Every good financial advisor worth his or her salt addresses the issues of asset allocation and diversification with their clients. “You can’t be too diversified” has become the mantra of many an advisor in recent years, especially since the 2008 stock market collapse. There’s no question that properly allocated and well-diversified investment portfolios can lower beta (having to do with stock market volatility risk), but there are other risks involved in investing money other than market volatility risk, including longevity risk, inflation risk, tax risk, and interest rate risk. This piece will focus on a risk that many people are not addressing with their overall savings strategy—tax risk.
In essence, from an IRS perspective, there are three places to save your hard-earned money—taxable positions, tax-deferred positions, and tax-free positions. Taxable positions are those savings that create a required reporting of any growth to the position—be it from interest, dividends, short or long-term capital gains, etc.,—on the owner’s current year tax return. For example, in 2016, $1,263 of dividends received in an owned mutual fund would require reporting on line 9a “Ordinary Dividends” (per 1099 report provided by the mutual fund company in this example). So, the “gains” in such accounts create a negative consequence to the tax return. Tax-deferred positions, such as seen with 401(k)s, traditional IRAs, and annuities, do not require any growth inside the account to be reported; however, there likely will be some tax consequence in the future when distributions are taken from these positions. In most cases, tax-deferred positions are funded with either pre-tax contributions, or with contributions that elicit a tax deduction, with the exception being that non-qualified annuities are funded with dollars that have already been taxed, but withdrawals from this type of annuity are more tax-advantaged in that only the growth (which in most cases, except for annuitized payments, will be viewed by the IRS as coming out first) is taxed upon withdrawal. Finally, tax-free positions, such as a Roth IRAs, are funded with dollars that have already been taxed, but from that point on both the growth and future withdrawals occur without taxation incurring, provided IRS guidelines are followed. In essence, then, assuming IRS guidelines are followed, these dollars have the potential to be tax-free forever following the point of contribution, even in the case of passing on these assets to the next generation.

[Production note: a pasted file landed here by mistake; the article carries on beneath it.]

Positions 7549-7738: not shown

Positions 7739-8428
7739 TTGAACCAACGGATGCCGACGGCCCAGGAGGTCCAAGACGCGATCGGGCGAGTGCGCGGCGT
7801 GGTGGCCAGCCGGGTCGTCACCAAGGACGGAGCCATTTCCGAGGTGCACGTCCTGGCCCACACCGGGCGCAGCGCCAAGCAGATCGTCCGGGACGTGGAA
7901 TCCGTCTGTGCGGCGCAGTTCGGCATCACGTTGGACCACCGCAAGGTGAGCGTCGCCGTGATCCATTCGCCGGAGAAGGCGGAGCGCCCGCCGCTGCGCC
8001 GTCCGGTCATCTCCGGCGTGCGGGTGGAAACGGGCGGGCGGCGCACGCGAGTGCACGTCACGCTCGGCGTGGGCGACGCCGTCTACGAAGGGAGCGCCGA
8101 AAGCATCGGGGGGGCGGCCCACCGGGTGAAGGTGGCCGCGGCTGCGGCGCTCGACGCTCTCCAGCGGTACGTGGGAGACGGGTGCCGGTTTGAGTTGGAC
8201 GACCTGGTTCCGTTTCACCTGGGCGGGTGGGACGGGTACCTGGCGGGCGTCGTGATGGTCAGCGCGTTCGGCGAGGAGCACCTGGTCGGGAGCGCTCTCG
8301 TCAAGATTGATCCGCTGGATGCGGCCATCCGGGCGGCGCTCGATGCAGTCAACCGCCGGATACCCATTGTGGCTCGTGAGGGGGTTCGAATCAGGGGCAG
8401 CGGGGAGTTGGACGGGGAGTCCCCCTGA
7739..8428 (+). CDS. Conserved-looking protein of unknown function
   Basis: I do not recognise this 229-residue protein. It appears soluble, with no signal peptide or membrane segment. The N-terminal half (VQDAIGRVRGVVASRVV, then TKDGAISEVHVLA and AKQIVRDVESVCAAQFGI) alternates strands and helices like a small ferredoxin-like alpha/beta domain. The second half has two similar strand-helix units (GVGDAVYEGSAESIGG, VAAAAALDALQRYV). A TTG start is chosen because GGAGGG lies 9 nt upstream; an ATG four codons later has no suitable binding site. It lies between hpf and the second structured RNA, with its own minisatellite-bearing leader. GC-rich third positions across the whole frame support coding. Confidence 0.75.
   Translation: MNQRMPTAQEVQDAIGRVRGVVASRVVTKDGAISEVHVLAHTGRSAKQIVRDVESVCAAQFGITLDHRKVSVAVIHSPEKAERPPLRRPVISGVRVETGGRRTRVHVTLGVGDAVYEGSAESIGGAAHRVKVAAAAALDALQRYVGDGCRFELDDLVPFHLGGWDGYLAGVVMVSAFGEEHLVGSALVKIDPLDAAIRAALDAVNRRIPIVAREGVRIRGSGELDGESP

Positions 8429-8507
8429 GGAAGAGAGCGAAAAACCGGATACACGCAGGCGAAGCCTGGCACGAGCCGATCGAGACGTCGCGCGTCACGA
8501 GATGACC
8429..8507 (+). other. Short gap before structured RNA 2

Our experience has been it is very typical for people to approach us to begin some form of retirement planning in their late 50’s to mid 60’s with their assets being very unbalanced from a tax diversification perspective. It’s very typical for us to see about 10% in taxable positions, 90% in tax-deferred positions, and 0% in tax-free. We believe this is the result of many factors of influence, but predominantly from the following: 1) a perceived belief that most people will retire in a lower tax bracket environment than during their working years, 2) a growing fear that they will not accumulate enough savings for retirement coupled with the fact that they too frequently hear “put all the money you can into your qualified retirement accounts”, and 3) because retirement plan contributions are “out of sight, out of mind”, those who lack the self-discipline to save money into places that will not cause a penalty to access use tax-deferred positions to self-impose the discipline they believe they do not possess themselves.
The reality is most people we help prepare for retirement will not be in a lower tax bracket when they retire (a topic for another blog), and need to have (or already have) the discipline to pay more taxes “now” on their money in order to save some of their money into taxable or tax-free positions. Of course, a key factor in this belief is your answer to the following question: Do you believe moving forward into the future that our tax environment will be better, about the same, or worse than it is today? When posed with this question, most of our clients answer “worse”, and we can’t remember anyone who has answered “better”. We believe the answers we get to this question have way more to do with our country approaching the $20T debt mark than the overall negative connotation that comes with the word “taxes”. The reality is too much restricted availability of cash flow (prior to age 59 ½) is due to poor tax-diversification, and this has been a rarely talked about root cause to the overuse of high-interest credit cards. Another reality is tax-deferred positions are built for retirement “income”, but are very poor vehicles to provide for “periodic distributions” needed to pay for big-ticket expenses in retirement, regardless of your tax-bracket, but especially for those in the 25% tax bracket or above.
Which all leads to a very important question that we believe you should be both able and willing to answer: How tax-diversified are you?